Patagonia logo close-up on a brown jacket
Outside Business Journal

Patagonia and Anheuser-Busch Settle Trademark Dispute over ‘Patagonia Cerveza’

Two years ago, a beer from the St. Louis brewing corporation Anheuser-Busch called "Patagonia" appeared on the market. The outdoor gear brand was, predictably, not pleased.

Patagonia logo close-up on a brown jacket

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A legal battle that has been brewing for years between Patagonia and Anheuser-Busch (AB) was finally settled earlier this month, when a U.S. district judge ruled that the outdoor gear company’s trademarked name was sufficiently “famous” to merit protection from the multinational beverage corporation trying to use it for a line of beers.

In 2012, AB reportedly acquired the Argentinian beer brand Cerveza Patagonia, and in 2019 introduced a new product under the name Patagonia Cerveza at a Colorado ski resort event. The beer’s logo, which features a silhouette of mountains, struck many as suspiciously close to the legacy gear brand’s historic wordmark.

Patagonia AB Lawsuit
Patagonia noticed more than a slight similarity between its logo and Anheuser-Busch’s. (Photo: Courtesy)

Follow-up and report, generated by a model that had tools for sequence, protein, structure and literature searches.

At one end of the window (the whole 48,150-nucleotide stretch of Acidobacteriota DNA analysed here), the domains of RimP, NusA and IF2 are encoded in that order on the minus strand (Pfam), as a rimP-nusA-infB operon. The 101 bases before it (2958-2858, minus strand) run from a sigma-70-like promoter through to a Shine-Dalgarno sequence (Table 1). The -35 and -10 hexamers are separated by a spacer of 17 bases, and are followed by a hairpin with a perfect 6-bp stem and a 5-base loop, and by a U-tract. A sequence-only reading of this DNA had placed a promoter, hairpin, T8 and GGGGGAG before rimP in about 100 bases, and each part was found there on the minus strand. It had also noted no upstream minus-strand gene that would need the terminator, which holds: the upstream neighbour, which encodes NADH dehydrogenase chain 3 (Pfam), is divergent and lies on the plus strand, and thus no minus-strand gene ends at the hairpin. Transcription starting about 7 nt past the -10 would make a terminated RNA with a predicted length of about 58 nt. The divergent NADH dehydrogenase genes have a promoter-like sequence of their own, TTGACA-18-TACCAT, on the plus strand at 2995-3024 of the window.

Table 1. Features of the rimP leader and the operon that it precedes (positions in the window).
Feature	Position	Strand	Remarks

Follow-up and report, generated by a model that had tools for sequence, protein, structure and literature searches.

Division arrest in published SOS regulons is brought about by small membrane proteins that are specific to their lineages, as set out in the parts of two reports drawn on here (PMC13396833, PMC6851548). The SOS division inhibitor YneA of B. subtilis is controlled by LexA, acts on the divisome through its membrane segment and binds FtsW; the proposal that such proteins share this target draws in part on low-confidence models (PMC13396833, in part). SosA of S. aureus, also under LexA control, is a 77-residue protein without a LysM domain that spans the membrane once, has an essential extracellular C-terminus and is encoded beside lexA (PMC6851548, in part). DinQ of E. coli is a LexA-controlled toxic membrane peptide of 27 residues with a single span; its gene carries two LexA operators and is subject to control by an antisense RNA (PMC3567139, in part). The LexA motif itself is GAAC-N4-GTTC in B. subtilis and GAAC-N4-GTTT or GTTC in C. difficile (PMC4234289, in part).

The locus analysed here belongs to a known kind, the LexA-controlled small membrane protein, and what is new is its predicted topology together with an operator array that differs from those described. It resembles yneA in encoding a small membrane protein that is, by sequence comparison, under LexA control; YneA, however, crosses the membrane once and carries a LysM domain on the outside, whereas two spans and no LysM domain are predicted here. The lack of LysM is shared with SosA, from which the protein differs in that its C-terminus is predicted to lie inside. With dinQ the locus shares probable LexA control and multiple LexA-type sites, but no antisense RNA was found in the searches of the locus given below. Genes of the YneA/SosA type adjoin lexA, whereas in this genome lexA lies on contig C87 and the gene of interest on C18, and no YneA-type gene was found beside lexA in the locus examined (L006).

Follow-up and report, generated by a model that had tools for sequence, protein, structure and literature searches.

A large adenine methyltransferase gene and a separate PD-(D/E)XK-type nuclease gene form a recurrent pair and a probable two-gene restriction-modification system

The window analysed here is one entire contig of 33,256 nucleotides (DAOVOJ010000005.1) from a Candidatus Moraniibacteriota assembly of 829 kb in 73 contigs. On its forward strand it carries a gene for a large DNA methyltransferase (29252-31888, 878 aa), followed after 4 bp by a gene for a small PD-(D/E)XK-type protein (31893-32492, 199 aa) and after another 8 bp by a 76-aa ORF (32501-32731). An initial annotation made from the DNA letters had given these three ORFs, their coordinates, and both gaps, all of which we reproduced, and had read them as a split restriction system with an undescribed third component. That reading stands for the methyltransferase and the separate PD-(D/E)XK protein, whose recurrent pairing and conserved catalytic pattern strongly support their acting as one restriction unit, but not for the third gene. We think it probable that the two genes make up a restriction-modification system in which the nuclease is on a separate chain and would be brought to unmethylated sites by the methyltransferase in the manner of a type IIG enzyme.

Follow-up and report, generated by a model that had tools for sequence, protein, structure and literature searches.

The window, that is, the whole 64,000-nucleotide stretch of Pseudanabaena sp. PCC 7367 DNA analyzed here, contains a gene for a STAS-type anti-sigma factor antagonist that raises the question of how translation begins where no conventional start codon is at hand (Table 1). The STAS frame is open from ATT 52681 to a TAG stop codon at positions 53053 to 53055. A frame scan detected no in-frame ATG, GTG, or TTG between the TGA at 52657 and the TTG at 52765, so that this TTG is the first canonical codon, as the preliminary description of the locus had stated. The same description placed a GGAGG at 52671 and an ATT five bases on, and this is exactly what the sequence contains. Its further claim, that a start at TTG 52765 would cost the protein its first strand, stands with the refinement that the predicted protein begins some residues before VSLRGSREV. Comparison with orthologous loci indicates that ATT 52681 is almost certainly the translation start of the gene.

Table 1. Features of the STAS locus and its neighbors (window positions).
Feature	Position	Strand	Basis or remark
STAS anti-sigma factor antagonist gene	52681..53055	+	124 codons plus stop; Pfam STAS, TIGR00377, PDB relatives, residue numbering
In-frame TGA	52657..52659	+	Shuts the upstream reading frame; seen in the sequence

Blindsided by the beer’s launch, Patagonia filed a lawsuit in 2019, which AB tried to have dismissed by claiming that Patagonia’s brand name was not famous enough to suffer trademark dilution as a result of the new product’s release. A judge denied AB’s dismissal request in September 2019, writing, “The plaintiffs have sufficiently alleged that its Patagonia mark is ‘famous’ for purposes of its federal trademark dilution.”

Also at issue were AB’s tactics for marketing the beer, which bore similarities to Patagonia’s environmental brand ethic. AB promoted the beer by promising to plant a tree for every case sold, and described the product’s mission as “tree-positive.” Further complicating the dispute: Patagonia does, in fact, produce and sell its own beer, previously called Long Root, under its line of food and beverage products, Patagonia Provisions.

“Anheuser-Busch has done everything possible to make it appear as though this Patagonia beer is sold by Patagonia,” the initial lawsuit, filed in 2019, said.

A federal court document, filed on Monday, confirmed that the two companies reached a settlement agreement on March 15. Details of the agreement were not included in the filing. This week, following the settlement, Patagonia announced that its beer line would be rebranded.

“Effective immediately, [our] beers are now officially named Patagonia Provisions Pale Ale and Patagonia Provisions Wit,” a representative for the company told OBJ. “These beers, which launched in 2016 and 2019, were previously called Long Root Ale and Long Root Wit. We are also pleased to announce that later this spring, the company will release two more beers—Patagonia Provisions IPA, Patagonia Provisions Kolsch.”

Patagonia Provisions Pale Ale and Wit Cans
Patagonia is rebranding its beer line after settling its legal battle with Anheuser-Busch. (Photo: Courtesy)
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